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GCN : March and April 2016
BIG DATA 44 GCN MARCH/APRIL 2016 • GCN.COM cool things with it, like help you make your own records better or interpret it in a way you’ve never thought of,” she said. “It feels like the right thing to do in light of our duty to the public trust.” Jeffrey Inscho, who leads the in- novation and emerging media lab at Carnegie Museums of Pittsburgh, wrote in a recent blog post that Art Tracks will be implemented in phases over a number of years. The staff is currently working on phase one, in which proof-of-concept projects will demonstrate the poten- tial for structured provenance infor- mation for museums. Phase two will take the CMOA provenance standard and software prototypes and expand them to address the needs of collect- ing institutions. The first project is recodifying the standard for writing provenance in- formation “to allow automated struc- turing from provenance texts,” Berg- Fulton wrote in a paper describing the project. “The second is a software parser that performs this destructur- ing, converting semi-structured text into structured data.” The third project creates a user interface that allows researchers to quickly read, modify and verify the automated conversion. Finally, the structured data will be used to build a prototype of an interactive gallery display. And because Art Tracks, which is funded by a grant from the National Endowment for the Humanities, is agnostic when it comes to the under- lying collection management system, it is set up so museums without the same resources as CMOA can access it, Berg-Fulton said. “Many times smaller museums do not have the budget or staff ” to use one of the larger collection management systems or the staff time and capacity to implement new software, she said. Therefore, CMOA officials hope to en- able better provenance by “making in- tuitive and easy-to-use tools. And low- ering the start-up barrier for outside users is top of the list for us.” • During Germany ’s Third Reich, the Nazis systematically plundered the countries they conquered and amassed hundreds of thousands of artworks and cultural artifacts. Most of them were returned to their rightful owners after World War II, but many remain unaccounted for. The Carnegie Museum of Art’s Art Tracks is one tool in the international effort to identify stolen artwork and match it to its pre-war owner. By making provenance data open and accessible, Art Tracks gives people information about a piece’s sometimes sordid history, including clues that might uncover evidence of Nazi confiscation. Provenance information was often tucked in the back of a catalog and considered important only to a tiny pool of scholars and experts, said Tracey Berg-Fulton, collections database associate at CMOA. But its relevance is becoming more apparent. “Because we’re now being more explicit about the mechanisms behind how art transfers from person to person and travels from place to place, we’re discovering fascinating connections between people, history and objects,” she said. And those connections can be revealing. “ The tools we’ve designed have a timeline that really illustrates periods of ambiguity and uncertainty, and so that can help point out a period of possible Nazi confiscation,” she added. Berg-Fulton said better provenance tracking will help art institutions identify works that should be listed as having possible Nazi provenance and help them conduct better research on those works. She added that the amount of archival information about Nazi confiscation is steadily increasing, which means the effort to identify pieces with Nazi provenance will continue to improve. Furthermore, CMOA has a new grant from the Kress Foundation to create software designed to identify Nazi provenance. “Many museums did this manually in the early 2000s in order to generate a list to post on the Nazi-Era Provenance Internet Portal,” Berg-Fulton said. “ That process was a very manual and time- consuming one, and so we’re exploring ways in which we can use software and the existing data to point out works with possible Nazi provenance using the parameters set out by the American Alliance of Museums.” Ultimately, she said she wants to find ways to move research into the Digital Age so that an artwork’s history isn’t mysterious and so that stolen pieces can be returned to their rightful owners. “My hope is that the increased availability of archival information in digital format lowers the barrier for not only institutions researching works in their collection, but heirs and claimants researching works that were stolen,” Berg-Fulton said. — Suzette Lohmeyer Using open data to solve art history mysteries JEFFREYINSCHO Inside the innovation and emerging media lab at Carnegie Museums of Pittsburgh. 0416gcn_042-044.indd 44 3/3/16 9:56 AM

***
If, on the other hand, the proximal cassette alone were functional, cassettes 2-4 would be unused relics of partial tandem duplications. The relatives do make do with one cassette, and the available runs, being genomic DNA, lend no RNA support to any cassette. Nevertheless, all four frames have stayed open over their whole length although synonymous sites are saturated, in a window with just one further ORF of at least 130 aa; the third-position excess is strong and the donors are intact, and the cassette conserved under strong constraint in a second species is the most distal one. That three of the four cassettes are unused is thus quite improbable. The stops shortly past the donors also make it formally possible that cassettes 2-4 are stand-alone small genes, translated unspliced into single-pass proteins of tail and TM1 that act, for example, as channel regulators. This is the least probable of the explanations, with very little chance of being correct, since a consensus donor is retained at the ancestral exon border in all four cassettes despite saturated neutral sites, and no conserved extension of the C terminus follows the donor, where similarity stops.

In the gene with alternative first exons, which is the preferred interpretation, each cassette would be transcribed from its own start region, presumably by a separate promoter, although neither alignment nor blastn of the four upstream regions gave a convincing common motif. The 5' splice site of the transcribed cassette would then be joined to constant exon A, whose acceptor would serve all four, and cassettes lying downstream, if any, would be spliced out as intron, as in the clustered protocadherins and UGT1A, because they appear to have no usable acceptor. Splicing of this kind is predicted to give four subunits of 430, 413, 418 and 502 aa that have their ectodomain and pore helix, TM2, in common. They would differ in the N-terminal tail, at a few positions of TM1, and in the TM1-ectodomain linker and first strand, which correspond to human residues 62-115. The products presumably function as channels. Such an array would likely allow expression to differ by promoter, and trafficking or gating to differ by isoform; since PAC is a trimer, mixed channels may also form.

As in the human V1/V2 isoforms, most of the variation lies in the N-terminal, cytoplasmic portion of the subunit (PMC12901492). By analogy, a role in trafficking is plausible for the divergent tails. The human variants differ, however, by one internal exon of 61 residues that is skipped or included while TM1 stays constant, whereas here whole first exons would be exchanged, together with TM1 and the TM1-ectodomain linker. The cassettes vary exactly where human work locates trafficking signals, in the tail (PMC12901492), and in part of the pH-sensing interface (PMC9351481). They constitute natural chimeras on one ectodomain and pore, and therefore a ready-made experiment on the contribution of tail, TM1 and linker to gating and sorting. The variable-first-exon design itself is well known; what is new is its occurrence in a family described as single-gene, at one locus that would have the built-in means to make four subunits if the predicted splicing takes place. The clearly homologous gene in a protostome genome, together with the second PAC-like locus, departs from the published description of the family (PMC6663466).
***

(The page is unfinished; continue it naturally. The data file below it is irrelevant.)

January and February 2016